Registering to Vote: How to Vote in Canadian Federal Election
If you’ve seen any Canadian news in the last little while, you’ll know that the campaign for the federal election has just kicked off. Which basically means you’re about to see a LOT of political posts pretty much everywhere. They can be hit and miss, some of them kind of annoying, and some quite informative, but none of it matters if you don’t actually vote!
So, if you don’t know how to vote, don’t know how to get registered to vote, or know why it’s even important for you to vote, this post is for you! Today, I’m going to give you step by step instructions that will have you totally informed and ready to share your voice on election day!
Now, I know you’re thinking, Brittany, come on this is a personal finance channel. I subscribed so you could teach me about how to handle money I do NOT care about politics. I get it. But just humour me for this one video alright?! Voting is SO IMPORTANT! It 100% affects your finances! Who do you think makes the laws about your money?!
Why Should You Care About Voting In The Canadian Federal Election?
Even if you don’t care about where your tax dollars go, you should at least care about decisions like how much you’re allowed to put in your TFSA or RRSP each year, or how student loans and grants are given out, how interest is charged on those loans, how sales tax is charged on items, how social programs are structured like childcare or housing benefits.
All of these things can directly affect your day to day money management, and the government is in charge of making decisions around all of it. Voting is your chance to have your voice, your thoughts and opinions, heard. If you don’t tell them what you want, you’ll never have a chance at getting it.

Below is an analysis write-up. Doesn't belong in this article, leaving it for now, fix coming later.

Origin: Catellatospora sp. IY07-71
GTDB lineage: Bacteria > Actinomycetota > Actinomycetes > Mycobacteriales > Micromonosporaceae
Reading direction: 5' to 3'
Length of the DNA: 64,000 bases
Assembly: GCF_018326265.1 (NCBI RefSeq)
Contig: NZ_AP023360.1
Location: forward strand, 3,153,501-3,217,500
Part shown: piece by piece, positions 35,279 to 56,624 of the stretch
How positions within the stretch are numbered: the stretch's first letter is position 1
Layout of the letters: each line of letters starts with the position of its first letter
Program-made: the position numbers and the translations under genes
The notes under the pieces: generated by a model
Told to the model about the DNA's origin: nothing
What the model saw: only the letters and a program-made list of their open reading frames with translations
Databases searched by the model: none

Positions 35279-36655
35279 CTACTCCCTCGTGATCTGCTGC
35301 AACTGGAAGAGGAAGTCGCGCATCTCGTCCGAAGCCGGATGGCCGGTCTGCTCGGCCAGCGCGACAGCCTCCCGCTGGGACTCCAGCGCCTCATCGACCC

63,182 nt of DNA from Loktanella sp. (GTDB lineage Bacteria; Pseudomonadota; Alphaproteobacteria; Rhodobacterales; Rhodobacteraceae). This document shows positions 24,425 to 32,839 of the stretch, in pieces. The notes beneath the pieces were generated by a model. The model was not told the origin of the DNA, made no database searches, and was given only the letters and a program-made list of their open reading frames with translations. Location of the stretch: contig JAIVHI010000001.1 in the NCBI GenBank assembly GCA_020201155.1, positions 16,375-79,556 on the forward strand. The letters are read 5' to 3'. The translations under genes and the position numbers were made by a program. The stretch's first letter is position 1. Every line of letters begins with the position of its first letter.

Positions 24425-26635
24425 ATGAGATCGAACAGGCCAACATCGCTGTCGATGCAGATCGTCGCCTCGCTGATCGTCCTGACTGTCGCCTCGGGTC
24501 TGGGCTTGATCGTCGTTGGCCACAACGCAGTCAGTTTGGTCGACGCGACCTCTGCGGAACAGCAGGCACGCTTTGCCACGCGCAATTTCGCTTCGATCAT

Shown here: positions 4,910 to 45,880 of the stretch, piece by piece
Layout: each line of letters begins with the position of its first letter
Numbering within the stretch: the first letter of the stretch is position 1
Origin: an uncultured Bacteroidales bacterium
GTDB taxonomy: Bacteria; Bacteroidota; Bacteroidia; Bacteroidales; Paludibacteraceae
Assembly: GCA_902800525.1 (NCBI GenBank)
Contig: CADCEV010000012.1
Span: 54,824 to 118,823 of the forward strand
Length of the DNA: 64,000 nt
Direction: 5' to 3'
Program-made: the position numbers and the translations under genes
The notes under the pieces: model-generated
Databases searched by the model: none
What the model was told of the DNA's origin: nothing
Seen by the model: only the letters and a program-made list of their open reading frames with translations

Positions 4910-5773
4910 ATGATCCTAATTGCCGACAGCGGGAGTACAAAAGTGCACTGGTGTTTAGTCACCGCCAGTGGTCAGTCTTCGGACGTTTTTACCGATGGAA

Before we get into the details, I just want to put a little disclaimer here:
I DON’T care who you vote for. I’m not even going to mention a single political party name in this video because I want you to make your own, independent decisions about what’s important to you. If our political views are completely different, and you end up supporting someone I would never in a million years vote for, I’m GLAD! That’s how democracy is supposed to work!
When Is the Federal Election?
Federal Elections in Canada (that’s the one where the Prime Minister is decided) are held on the 3rd Monday of October in the fourth calendar year following the previous federal election. This year, that’s October 21st 2019.
In order to be eligible to vote in Canada, you need to be:
a Canadian citizen
at least 18 or older (on election day)
be able to prove your identity and address
The easiest way to vote is to have your voter information card, which looks like this:
If you’re already registered to vote, it will come in the mail about 2 weeks before election day.
This card is super helpful. It will list your ‘assigned polling station’ and the dates and times that you can vote.